A whole passel of numbers have come out the past week or so, and while none of them quite jibe with each other, they all paint a pretty consistent picture. While online ad spend was up for Q1 2008 versus Q1 2007, ad spending compared to Q4 2007 was actually flat. A look at the finer details of each of the reports:
- TNS Media Intelligence put out numbers last Wednesday, focusing only on display ads online, found year over year growth of only 8.9 percent, compared to 15.9 percent growth in Q1 2007. From the ClickZ article:
Jon Swallen, SVP of research at TNS Media Intelligence, said certain verticals notably curtailed their display ad spending. Telecom advertising, usually a heavy user of Internet display ads, was "very weak" in first quarter, he said. So was retail, particularly local advertisers that divide their online budgets between display and search.
"The difficulties the retail market is going through, with all the cutbacks in consumer spending and all the uncertainty about the general economy resulted in cutting back in many sectors," said Swallen.
- Nielsen Monitor-Plus announced numbers yesterday, showing overall online ad growth (including search and display) up by 15 percent year over year, with several verticals showing tremendous growth:
- Finally, today the Internet Advertising Bureau released the most optimistic numbers, showing over $5.8 billion spent in online from January to March of 2008, an 18.2 percent increase compared to the results of the same time period in 2007. However, the report also noted that compared to Q4 2007 results, there was a slip of 1.7 percent in online ad spend. This may be due, however, to the traditional post-holiday slump:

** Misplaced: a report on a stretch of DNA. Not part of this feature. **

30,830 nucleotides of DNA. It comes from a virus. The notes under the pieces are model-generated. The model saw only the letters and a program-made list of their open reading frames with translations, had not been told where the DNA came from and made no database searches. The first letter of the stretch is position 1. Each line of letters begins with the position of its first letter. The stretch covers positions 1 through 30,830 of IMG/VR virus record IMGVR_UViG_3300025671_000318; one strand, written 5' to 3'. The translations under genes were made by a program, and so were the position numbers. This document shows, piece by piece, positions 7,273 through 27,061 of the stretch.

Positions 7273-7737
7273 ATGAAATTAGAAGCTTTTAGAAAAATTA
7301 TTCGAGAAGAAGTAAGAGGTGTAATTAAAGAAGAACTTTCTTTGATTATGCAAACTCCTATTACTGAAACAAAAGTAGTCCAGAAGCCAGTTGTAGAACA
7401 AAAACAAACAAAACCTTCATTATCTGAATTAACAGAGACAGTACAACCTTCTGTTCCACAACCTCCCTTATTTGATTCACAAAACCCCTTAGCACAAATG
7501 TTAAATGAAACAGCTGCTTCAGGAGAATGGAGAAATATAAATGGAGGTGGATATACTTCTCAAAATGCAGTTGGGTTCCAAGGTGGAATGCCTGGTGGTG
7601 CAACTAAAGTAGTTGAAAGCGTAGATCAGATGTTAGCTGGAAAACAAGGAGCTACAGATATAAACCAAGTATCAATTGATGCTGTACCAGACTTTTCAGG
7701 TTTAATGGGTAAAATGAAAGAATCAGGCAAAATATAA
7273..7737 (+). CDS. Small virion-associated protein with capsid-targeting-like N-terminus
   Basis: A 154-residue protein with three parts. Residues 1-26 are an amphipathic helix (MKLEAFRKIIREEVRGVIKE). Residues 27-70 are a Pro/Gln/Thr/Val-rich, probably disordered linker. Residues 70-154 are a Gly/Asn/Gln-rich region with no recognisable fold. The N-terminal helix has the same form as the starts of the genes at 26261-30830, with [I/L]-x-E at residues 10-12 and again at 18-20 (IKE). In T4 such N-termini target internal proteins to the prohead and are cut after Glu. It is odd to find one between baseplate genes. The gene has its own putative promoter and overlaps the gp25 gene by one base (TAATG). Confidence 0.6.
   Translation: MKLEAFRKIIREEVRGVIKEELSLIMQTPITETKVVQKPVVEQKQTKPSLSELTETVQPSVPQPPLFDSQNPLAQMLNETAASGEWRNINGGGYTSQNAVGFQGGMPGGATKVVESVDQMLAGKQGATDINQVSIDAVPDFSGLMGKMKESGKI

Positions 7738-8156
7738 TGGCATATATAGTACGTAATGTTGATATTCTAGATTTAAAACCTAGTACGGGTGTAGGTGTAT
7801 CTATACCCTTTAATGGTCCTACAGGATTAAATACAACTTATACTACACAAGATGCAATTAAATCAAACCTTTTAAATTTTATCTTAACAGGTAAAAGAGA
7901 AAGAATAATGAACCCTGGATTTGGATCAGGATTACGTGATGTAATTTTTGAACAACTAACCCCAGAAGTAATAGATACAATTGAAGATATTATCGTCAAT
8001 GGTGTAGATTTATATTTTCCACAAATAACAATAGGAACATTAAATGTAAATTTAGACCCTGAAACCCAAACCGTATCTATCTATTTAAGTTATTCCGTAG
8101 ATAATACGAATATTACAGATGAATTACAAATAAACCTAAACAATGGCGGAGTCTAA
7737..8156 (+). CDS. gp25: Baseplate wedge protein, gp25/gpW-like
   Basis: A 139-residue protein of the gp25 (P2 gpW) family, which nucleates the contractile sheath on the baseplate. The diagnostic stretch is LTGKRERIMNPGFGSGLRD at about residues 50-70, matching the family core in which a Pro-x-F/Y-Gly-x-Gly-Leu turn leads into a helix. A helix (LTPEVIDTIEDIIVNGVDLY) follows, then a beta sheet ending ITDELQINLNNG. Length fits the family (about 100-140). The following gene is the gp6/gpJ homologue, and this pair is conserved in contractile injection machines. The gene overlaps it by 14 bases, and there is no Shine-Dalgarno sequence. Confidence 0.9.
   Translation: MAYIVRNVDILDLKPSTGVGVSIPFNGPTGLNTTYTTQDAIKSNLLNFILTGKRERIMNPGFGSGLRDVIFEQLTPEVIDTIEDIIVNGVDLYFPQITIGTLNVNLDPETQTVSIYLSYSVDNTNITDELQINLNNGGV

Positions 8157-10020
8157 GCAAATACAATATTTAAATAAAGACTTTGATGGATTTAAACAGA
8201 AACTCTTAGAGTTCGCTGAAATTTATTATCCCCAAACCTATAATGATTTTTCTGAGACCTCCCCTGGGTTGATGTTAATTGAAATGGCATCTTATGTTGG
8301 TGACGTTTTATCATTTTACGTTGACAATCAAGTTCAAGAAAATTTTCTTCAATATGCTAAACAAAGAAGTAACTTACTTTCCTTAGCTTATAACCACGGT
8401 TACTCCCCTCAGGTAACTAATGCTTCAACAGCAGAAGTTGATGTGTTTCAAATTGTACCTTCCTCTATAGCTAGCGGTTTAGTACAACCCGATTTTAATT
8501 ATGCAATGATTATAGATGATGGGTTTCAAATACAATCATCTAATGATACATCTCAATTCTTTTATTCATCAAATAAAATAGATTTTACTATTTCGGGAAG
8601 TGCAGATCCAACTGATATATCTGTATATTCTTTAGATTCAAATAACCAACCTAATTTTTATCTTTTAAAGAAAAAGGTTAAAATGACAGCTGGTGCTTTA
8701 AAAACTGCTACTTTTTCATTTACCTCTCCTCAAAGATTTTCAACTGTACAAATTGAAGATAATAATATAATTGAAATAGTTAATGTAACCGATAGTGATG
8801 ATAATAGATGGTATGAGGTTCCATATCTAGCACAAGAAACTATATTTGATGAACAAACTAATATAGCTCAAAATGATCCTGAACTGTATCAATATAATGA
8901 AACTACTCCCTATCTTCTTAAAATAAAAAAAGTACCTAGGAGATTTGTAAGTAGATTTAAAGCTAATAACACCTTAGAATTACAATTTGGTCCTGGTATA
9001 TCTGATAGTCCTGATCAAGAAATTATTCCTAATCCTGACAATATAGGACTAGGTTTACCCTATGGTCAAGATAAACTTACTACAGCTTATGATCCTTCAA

The decline was expected, said David Silverman, partner, Assurance, PricewaterhouseCoopers, which conducts the study on behalf of the IAB. "The cyclical fourth quarter to first quarter drop in traditional media advertising spend, combined with an overall economic slowdown, resulted in a not so unexpected first quarter slowdown in the growth of online advertising," Silverman said in a prepared statement.
Among verticals, the researchers found that hardware and electronics advertisers both saw a 65 percent increase in display impressions, while automotive and consumer goods companies also did well, increasing 45 percent and 42 percent respectively.